#1
Say you have a backing track going and you have a variety of chords going by and not much time to solo on each one. Say it is just a 4 chord progression in A minor for instance. What is your method of soloing over them?

What I do is try to nail some chord tones where I feel like I want them to be and try my best to improvise with intervals in mind. But when the chords are moving by fast I end up having to make my solos sound sort of "aimless" and having to play fast because I cannot hear where I want my phrases to end. So basically what I end up doing is playing off of just ..in a sense...one chord because it is all I can really keep track of. Everything I play after the chord is sort of hit or miss until the chord I am used to playing over comes back...basically it would be the one chord because I know exactly what the intervals are going to sound like over it.

I have found that the more you know what the intervals are going to sound like over the chords and if you really keep track of the intervals...you can sound really epic no matter how slow or fast you play....if only I knew this years ago lol! I just did not think much of it.
Last edited by Unreal T at Apr 28, 2013,
#2
To a certain degree you've got to hear it in your head. Anyone can bang out random notes in the scale/mode but the best improvs aren't improvised at all, but intentional.
#3
Quote by Unreal T
...What is your method of soloing over them?...


If this fret doesn't sound right, try sliding to the next one. If it still doesn't sound right, bend it... or use the whammy bar...
Last edited by ha_asgag at Apr 28, 2013,
#4
Quote by ha_asgag
If this fret doesn't sound right, try the next one. If it still doesn't sound right, bend it... or use the whammy bar...



that is what i end up doing sometimes..i want to avoid doing that the most. I think way too many guitarists end up doing that too much which is not necessarily why you can say they sound "bad" ...but end up sounding quite similar.
Last edited by Unreal T at Apr 28, 2013,
#5
Quote by ha_asgag
If this fret doesn't sound right, try the next one. If it still doesn't sound right, bend it... or use the whammy bar...

Whammy bar!!!

But yeah, first listen to the backing track until you know the chord changes and how it sounds like. You need to know the backing track well to be able to play over it well. You could also try to sing something over it. That way your soloing won't be too fast scale wanking and it will really sound like a melody.

Oh, and if you can't play what you would like to play over it, just train your ear. You will learn it over time.
Quote by AlanHB
Just remember that there are no boring scales, just boring players.

Gear

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Last edited by MaggaraMarine at Apr 28, 2013,
#6
yeah but then I hear ppl talking about not knowing the chords at all and playing over them...i think that just sort of comes naturally though and subconsciously.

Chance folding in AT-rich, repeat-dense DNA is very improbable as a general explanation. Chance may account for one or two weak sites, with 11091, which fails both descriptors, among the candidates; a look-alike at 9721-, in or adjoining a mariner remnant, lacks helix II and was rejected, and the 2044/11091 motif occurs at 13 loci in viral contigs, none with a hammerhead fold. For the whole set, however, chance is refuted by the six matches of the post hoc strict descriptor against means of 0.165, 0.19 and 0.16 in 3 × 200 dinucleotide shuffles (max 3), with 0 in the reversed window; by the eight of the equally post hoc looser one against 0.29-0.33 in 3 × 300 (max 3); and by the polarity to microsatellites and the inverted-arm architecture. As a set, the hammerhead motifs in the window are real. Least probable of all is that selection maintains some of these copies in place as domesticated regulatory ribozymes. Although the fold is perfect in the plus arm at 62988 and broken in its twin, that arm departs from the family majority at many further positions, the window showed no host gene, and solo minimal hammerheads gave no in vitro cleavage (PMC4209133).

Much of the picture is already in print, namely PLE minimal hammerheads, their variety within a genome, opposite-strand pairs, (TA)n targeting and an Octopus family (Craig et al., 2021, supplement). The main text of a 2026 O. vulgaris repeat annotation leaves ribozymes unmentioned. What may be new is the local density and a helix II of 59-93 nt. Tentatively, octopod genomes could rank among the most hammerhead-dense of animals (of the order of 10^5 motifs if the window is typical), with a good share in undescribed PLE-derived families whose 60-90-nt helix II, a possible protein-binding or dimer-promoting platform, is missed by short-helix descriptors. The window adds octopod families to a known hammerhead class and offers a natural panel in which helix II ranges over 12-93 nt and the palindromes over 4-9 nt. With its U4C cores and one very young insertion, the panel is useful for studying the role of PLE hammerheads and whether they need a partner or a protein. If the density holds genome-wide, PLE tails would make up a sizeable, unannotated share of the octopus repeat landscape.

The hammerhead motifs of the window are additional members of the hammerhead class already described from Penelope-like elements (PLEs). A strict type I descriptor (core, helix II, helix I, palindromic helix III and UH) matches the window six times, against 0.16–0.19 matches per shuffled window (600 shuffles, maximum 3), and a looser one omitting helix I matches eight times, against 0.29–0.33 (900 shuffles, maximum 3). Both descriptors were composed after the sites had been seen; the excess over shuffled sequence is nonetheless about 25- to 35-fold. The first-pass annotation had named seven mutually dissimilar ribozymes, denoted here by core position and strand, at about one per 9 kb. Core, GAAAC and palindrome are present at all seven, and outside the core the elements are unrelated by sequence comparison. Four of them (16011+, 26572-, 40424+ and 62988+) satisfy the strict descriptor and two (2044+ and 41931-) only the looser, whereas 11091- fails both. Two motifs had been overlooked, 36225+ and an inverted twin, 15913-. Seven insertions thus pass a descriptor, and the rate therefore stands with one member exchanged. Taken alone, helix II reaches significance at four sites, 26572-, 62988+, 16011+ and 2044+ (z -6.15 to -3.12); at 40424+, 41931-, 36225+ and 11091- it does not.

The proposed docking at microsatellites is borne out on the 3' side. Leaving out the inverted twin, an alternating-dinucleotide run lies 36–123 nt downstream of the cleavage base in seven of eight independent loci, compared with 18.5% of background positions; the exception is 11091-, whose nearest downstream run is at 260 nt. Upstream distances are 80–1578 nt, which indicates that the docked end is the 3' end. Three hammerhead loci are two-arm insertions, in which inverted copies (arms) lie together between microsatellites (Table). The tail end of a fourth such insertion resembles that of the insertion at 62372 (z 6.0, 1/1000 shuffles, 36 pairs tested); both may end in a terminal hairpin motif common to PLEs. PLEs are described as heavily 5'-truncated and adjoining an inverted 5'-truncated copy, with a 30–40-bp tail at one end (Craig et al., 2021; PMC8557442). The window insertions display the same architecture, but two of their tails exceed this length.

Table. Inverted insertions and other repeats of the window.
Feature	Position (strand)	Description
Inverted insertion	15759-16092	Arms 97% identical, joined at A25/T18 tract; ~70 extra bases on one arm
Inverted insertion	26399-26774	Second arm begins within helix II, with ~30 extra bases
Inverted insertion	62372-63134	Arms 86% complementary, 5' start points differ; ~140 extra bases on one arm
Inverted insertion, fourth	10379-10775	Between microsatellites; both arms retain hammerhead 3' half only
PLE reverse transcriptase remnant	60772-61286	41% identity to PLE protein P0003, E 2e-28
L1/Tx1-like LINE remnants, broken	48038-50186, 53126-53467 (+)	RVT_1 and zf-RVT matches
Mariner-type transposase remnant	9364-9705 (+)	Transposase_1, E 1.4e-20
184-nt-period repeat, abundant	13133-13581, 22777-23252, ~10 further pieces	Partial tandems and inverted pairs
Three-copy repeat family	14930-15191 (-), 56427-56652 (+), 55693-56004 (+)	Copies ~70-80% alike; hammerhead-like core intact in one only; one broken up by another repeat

#7
Well, for adding the solos on my band, what i do is I hear the song multiples time first and try to imagine what to play above on my mind (not singing nor anything). Then i grab my guitar and i start to improvise over the solo section many MANY times (probably hundreds). When i'm doing that I usually start to like some phrases of what i'm improvising, so i keep playing them and leaving the improvisation for the rest. Until after some time the solo is finished...


Is kinda 16 bars of solo section...think, think, improv, improv... find a phrase that i like for the first 4 bars. Then i keep the improvisation for the next 12 bars...


I'm also recording all the takes if i forget something on the road...

You can check one of my solo's on one of my actual proyect, and probably be able to understand how i do it


Solo at 1:06
https://soundcloud.com/tabularasachile/te-dejaron-atras
Since 2002 using UG. This page teached me how to play guitar and help'd me to embrace the passion of my life: Music.
#8
Quote by Unreal T
yeah but then I hear ppl talking about not knowing the chords at all and playing over them...i think that just sort of comes naturally though and subconsciously.

Nothing is natural, it all boils down to hard work and dedication. Then is it subconscious.
Chet Baker is famous for not knowing chords, but he was able to solo over them very well.
Just because someone doesn't know what chords are called, doesn't mean they don't know how they sound and what will sound good over them. What are chord is called is the least important aspect of music- it's good to be able to identify it by name but if you can't play it or play over it, what's the point?

The thing is it's a connection between your ears your fingers and your imagination.

So it all starts with wanting to hear something, I think it was Chick Corea that said "Only play what you hear. If you don't hear anything, don't play".

So it starts with really really wanting to have to hear something, then you need to know how to make that sound on your guitar and that's really it.


EDIT: I would also like to point out there's a song called How Strong, by the Red Hot Chili Peppers, and it's one of the most powerful solos I've ever heard and it's only one note! haha. So keep that in mind.
And we will weave in and out of sanity unnoticed
Swirling in blissfully restless visions of all our bleary progress
Glowing in radiant madness
Last edited by TDKshorty at Apr 28, 2013,